Early First Base ADP Trends Using NFBC DataNFBC data and make note of certain things to remember.
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Let’s just start with the depth here. Everyone covets power early in the drafts and as you can see in the current ADP data, through the first 100 picks (roughly 6.5 rounds) of most NFBC drafts, the top 13 first basemen come off the board. But even after they’re gone, you’re still left with a number of 20-plus home run guys and, if you can stomach some of the batting average issues, you’ve got a couple of 30 to 40-home run guys in Chris Davis and Adam Dunn available another two or three rounds later. Hard to wait beyond that, even if it’s just for your corner infield spot, but you’re still looking at some great production 20-deep into the first base pool.
Also note the tiers in which those top 13 break down into. If you don’t get one of the top three, who come off the board within the first round, you can wait until the tail-end of the second round and find Edwin Encarnacion and Adrian Gonzalez. The next three, who should post very similar power numbers don’t start coming off the board until the fourth while the final five finishes off in the mid-fifth and sixth rounds. Being aware of how they break down allows you to really map out your game plan in the early rounds and help you maintain the integrity of your specific draft strategy.
How about a quick nod to Albert Pujols? Eleven years running as the number one first baseman off the board in drafts, even after a down year. Joey Votto is definitely nipping at his heels, but the trends have them subtly moving in opposite directions right now.
Now let’s take a look at some of the more significant risers and fallers…
Brett Wallace, HOU (+21.11%) – Once the Astros shipped off Carlos Lee last season, Wallace started receiving regular playing time and is slated to be the Astros starting first baseman this season. There’s not a whole lot of power there and if he continues to struggle against right-handed pitching he could find himself in a possible platoon situation, but for now, he looks like an interesting late-round pick for some corner-infield depth.
Lance Berkman, TEX (+20.97%) – Coming into the season as a 37-year old with a major red flag for injuries makes for a very risky pick here, but apparently signing with the Rangers to DH in a bandbox like Arlington has given him a little boost in the eyes of the drafters. He’s a tough one to recommend though, considering the significant drop-off that began shortly after the All Star break in 2011.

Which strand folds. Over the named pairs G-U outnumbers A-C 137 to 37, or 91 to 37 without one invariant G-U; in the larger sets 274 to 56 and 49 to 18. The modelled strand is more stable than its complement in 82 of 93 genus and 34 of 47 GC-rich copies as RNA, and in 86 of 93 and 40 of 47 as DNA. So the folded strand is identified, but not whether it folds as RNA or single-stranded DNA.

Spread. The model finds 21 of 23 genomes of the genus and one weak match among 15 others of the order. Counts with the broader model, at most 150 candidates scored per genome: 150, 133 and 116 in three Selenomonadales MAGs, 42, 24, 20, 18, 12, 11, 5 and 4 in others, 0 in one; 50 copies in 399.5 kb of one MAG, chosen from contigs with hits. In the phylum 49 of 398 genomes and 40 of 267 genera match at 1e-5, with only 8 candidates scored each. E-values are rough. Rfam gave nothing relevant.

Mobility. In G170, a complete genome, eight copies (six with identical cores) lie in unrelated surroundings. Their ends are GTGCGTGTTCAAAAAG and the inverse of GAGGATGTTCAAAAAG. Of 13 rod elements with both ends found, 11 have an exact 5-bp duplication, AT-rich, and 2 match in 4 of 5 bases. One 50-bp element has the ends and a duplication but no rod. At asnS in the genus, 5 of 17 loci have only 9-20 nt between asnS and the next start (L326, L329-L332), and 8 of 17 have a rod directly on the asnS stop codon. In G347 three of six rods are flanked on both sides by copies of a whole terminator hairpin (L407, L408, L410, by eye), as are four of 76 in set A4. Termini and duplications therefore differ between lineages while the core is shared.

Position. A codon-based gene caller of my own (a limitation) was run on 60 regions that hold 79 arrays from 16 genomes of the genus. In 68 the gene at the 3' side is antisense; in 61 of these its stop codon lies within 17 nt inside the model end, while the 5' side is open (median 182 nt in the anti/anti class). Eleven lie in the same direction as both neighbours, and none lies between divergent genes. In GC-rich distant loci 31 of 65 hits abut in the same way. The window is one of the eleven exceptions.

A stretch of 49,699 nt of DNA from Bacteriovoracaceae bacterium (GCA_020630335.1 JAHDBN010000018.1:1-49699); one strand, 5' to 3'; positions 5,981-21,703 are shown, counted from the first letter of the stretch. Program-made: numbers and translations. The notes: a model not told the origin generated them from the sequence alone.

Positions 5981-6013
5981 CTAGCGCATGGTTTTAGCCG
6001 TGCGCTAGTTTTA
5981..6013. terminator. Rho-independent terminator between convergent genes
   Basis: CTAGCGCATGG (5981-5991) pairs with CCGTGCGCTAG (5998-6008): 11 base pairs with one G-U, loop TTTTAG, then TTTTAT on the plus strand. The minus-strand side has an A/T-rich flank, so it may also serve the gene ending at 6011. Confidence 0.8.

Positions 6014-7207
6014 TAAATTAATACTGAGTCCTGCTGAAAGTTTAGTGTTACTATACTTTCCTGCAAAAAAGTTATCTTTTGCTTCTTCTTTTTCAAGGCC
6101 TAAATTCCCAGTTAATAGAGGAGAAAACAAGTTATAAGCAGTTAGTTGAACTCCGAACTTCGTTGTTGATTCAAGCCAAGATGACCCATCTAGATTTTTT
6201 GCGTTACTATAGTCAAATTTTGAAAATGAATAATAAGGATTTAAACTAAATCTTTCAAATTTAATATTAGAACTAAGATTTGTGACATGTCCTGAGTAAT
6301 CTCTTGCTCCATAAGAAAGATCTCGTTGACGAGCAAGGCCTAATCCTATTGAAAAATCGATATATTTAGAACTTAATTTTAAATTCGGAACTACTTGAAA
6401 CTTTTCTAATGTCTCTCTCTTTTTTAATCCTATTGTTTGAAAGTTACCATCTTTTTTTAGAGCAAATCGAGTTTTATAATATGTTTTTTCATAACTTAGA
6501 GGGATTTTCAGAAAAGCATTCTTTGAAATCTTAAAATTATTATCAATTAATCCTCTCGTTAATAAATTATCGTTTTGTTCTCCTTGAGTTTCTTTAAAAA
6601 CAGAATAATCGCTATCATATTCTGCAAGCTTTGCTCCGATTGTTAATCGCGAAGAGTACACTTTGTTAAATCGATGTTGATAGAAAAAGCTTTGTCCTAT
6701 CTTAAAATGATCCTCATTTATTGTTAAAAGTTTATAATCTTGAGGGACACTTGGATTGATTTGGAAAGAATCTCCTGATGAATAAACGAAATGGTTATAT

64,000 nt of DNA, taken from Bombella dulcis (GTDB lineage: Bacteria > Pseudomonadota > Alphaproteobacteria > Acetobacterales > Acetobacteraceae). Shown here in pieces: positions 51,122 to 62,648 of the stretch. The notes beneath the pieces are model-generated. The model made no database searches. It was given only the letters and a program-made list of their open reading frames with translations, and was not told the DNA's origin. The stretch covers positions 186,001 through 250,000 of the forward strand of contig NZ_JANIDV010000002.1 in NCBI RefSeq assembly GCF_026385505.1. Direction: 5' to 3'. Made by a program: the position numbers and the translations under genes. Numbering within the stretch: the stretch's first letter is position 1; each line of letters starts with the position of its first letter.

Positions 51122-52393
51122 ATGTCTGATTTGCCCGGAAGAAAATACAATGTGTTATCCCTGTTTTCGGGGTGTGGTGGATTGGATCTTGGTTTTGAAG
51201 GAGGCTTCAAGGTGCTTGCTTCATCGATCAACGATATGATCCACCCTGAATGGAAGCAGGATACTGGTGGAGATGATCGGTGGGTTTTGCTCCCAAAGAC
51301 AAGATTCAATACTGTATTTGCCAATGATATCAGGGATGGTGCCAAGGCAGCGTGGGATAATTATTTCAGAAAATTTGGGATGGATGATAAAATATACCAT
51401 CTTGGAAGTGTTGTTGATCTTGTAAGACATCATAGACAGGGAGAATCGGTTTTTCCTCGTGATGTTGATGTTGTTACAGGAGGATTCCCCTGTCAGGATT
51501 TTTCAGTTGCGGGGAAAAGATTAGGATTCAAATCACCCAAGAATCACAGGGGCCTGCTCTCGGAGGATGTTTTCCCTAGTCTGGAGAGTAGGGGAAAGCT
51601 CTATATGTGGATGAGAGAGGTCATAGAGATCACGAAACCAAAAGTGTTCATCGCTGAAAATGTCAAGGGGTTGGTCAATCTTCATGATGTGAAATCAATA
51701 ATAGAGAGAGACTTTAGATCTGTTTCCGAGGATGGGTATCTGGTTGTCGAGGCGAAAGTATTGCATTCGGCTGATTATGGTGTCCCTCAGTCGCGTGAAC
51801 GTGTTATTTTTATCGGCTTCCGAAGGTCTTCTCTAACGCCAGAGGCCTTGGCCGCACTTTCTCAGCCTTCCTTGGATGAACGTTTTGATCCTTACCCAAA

Mitch Moreland, TEX (+10.70%) – Even with the addition of Berkman, the departure of both Mike Napoli and Michael Young opens up the door for Moreland to receive much more regular playing time. He’ll still find himself down at the bottom of the order, but a sneaky 20-home run season just might be had in the lower rounds of your draft.
Carlos Pena, HOU (+9.67%) – The Astros moving to the AL West this season was likely a big factor with Pena’s decision to sign with them early rather than wait for other possible offers. He’ll DH regularly for them and possibly find some time at first as well. While his numbers have been in decline, he gets to stay in the American League and now has a favorable hitters’ park to call home.
Matt Carpenter, STL (+9.33%) – While nothing is etched in stone just yet, Carpenter has been working diligently this offseason to master second base. He claims the progress is going great and, if it truly is, there’s a chance that he pushes Daniel Descalso into a utility role as the Cards would love to keep his bat in the lineup regularly.
Carlos Lee, MIA (-18.30%) – He’s a man without a home right now as the Marlins have no interest in re-signing him despite a lack of corner infield depth. Hard to blame then really, as the decline has been more than evident over the last few seasons.
Mike Olt, TEX (-15.00%) – The signing of Berkman pushes him back down to Triple-A to start the season according to the Rangers, so fantasy owners can really just leave him to the waiver wire, unless, of course, he has some monster spring and forces the team’s hand.
Matt Adams, STL (-12.09%) – There’s just no room for him right now, plain and simple. He could stick as more of a utility player, but his value in fantasy is almost non-existent without a starting job.
Justin Smoak, SEA (-9.17%) – The drop in ADP isn’t all that big at the moment, but it is likely to get worse now that Michael Morse has signed and the Mariners have a glut of corner outfielders, first basemen and designated hitters. Given Smoak’s poor track record, he could end up on the outside looking in, so be careful even grabbing him super late.
Adam Dunn, CHW (-6.02%) – This is a drop that is hard to agree with as people seem to be putting far too much stock in batting average. 40 bombs is 40 bombs, people, and very few players reach that mark these days. If it means eating a little in overall batting average, it’s definitely a risk worth taking.
Howard Bender has been covering fantasy sports for over a decade on a variety of web sites. You can follow him on Twitter at @rotobuzzguy and for more detailed questions, thoughts or comments, you can email him at firstname.lastname@example.org.